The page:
“Unlike the circumstances in 2007, there is no longer a formally identified requirement for 3 or 4 SRFIs around London [4.2, 7.2.6, 8.5.1, 11.2.12, 11.2.14.f.]. The Government approach set out in the NPSNN is to support the realisation of the forecast growth by encouraging the development of an expanded network of large SRFIs across the regions [11.2.9]. Furthermore, ‘…SRFI capacity needs to be provided at a wide range of locations…There is a particular challenge in expanding rail freight interchanges serving London and the South East’. ”
“Overall, I am content that there is a need and market for SRFIs to serve London and the South East [11.2.2-3]. I turn then to consider the extent to which the appeals scheme would be likely to meet the requirements of SRFIs set out in the NPSNN. ”
However, “the appeals scheme would not be well qualified to meet the identified need for SRFIs to serve London and the South East”
“[T]he appellant’s ‘very special circumstances case’ included the assertion that ‘no alternative development options exist for SRFIs to serve this part of London and the South East…this represents a material consideration of very considerable weight’ ”
“London Gateway, a brownfield site, has the potential to provide an alternative development option for the provision of a SRFI to serve the same part of London and the South East as the appeals proposal. Under these circumstances, even if the appeals scheme was also well qualified to meet that need, in my view, the weight attributable to this would be limited.”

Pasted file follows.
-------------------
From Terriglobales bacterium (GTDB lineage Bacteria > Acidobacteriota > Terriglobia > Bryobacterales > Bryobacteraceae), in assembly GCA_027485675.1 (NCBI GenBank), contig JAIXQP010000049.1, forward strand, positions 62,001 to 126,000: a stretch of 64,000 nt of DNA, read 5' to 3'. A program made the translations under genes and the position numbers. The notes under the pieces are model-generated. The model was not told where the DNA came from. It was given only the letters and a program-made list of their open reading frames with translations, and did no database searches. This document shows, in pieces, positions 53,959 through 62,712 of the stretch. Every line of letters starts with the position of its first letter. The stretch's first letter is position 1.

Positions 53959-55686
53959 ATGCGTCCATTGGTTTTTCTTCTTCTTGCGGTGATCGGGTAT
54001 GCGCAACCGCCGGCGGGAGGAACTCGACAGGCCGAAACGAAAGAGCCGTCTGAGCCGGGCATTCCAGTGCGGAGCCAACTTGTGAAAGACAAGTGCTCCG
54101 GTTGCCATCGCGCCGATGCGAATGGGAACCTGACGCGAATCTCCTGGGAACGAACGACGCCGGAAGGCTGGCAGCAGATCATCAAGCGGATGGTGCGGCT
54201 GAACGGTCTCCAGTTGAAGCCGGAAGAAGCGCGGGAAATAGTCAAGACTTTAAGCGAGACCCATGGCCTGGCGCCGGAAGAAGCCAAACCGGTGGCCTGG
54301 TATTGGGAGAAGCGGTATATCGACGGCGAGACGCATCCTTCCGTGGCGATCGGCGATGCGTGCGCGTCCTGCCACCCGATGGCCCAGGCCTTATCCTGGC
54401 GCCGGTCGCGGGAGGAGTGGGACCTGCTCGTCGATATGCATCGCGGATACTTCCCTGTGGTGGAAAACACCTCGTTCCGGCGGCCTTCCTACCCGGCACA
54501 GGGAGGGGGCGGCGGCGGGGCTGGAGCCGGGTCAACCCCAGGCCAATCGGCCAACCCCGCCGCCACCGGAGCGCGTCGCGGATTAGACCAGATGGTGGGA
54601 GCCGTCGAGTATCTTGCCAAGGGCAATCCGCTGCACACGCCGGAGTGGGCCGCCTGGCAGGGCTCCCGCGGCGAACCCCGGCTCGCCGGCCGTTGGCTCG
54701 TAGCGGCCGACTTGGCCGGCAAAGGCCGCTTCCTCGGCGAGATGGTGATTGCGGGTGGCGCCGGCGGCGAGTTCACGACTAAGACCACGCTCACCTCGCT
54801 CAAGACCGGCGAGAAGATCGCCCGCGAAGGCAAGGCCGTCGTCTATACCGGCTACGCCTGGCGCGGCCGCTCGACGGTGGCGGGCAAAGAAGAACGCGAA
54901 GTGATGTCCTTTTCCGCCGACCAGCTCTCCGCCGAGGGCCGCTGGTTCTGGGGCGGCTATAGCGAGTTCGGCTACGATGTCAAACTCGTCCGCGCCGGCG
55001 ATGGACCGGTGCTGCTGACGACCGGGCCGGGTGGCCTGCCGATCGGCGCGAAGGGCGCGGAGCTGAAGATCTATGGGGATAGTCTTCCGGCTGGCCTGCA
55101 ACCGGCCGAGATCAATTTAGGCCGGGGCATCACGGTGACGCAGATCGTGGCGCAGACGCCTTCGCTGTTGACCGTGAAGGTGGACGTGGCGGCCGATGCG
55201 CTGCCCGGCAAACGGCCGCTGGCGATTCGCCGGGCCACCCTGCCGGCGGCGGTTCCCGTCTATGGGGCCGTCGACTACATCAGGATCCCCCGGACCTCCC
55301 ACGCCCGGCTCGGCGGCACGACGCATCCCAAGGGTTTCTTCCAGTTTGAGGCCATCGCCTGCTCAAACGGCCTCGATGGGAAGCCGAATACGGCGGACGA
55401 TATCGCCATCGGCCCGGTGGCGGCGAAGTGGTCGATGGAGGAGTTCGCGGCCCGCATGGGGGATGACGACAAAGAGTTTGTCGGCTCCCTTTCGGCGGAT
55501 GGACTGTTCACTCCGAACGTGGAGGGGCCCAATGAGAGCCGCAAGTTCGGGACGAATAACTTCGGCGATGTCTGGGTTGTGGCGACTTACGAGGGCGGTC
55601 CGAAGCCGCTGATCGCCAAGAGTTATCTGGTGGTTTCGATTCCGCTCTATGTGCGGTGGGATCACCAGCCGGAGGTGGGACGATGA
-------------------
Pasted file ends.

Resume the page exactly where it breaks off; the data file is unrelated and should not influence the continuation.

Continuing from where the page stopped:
Finally, the inspector also had significant concerns in relation to the traffic modelling that had been relied upon by the local authorities, including Transport for London and concluded that “the residual cumulative impact of the development on the local road network would be severe, with particular reference to congestion.”
How uncertain, expensive and slow this process is. And how valuable it would be have been to have kept the 2007 Howbury Park permission alive.
Simon Ricketts, 11 May 2019
Personal views, et cetera
One thought on “Far Far Away: Slade Green SRFI”
Just what does the phrase “a network of large SRFIs across the regions” mean?
Howbury Park was refused owing in part to the presence of an alternative site a few miles away at London Gateway. Northampton Gateway, on the other hand, was approved in addition to an already-consented site 20 miles away in Daventry.
Rail Central is adjacent to Northampton Gateway, so close that they share drainage.
In what way does three large sites within 20 miles of each other represent a network across the regions?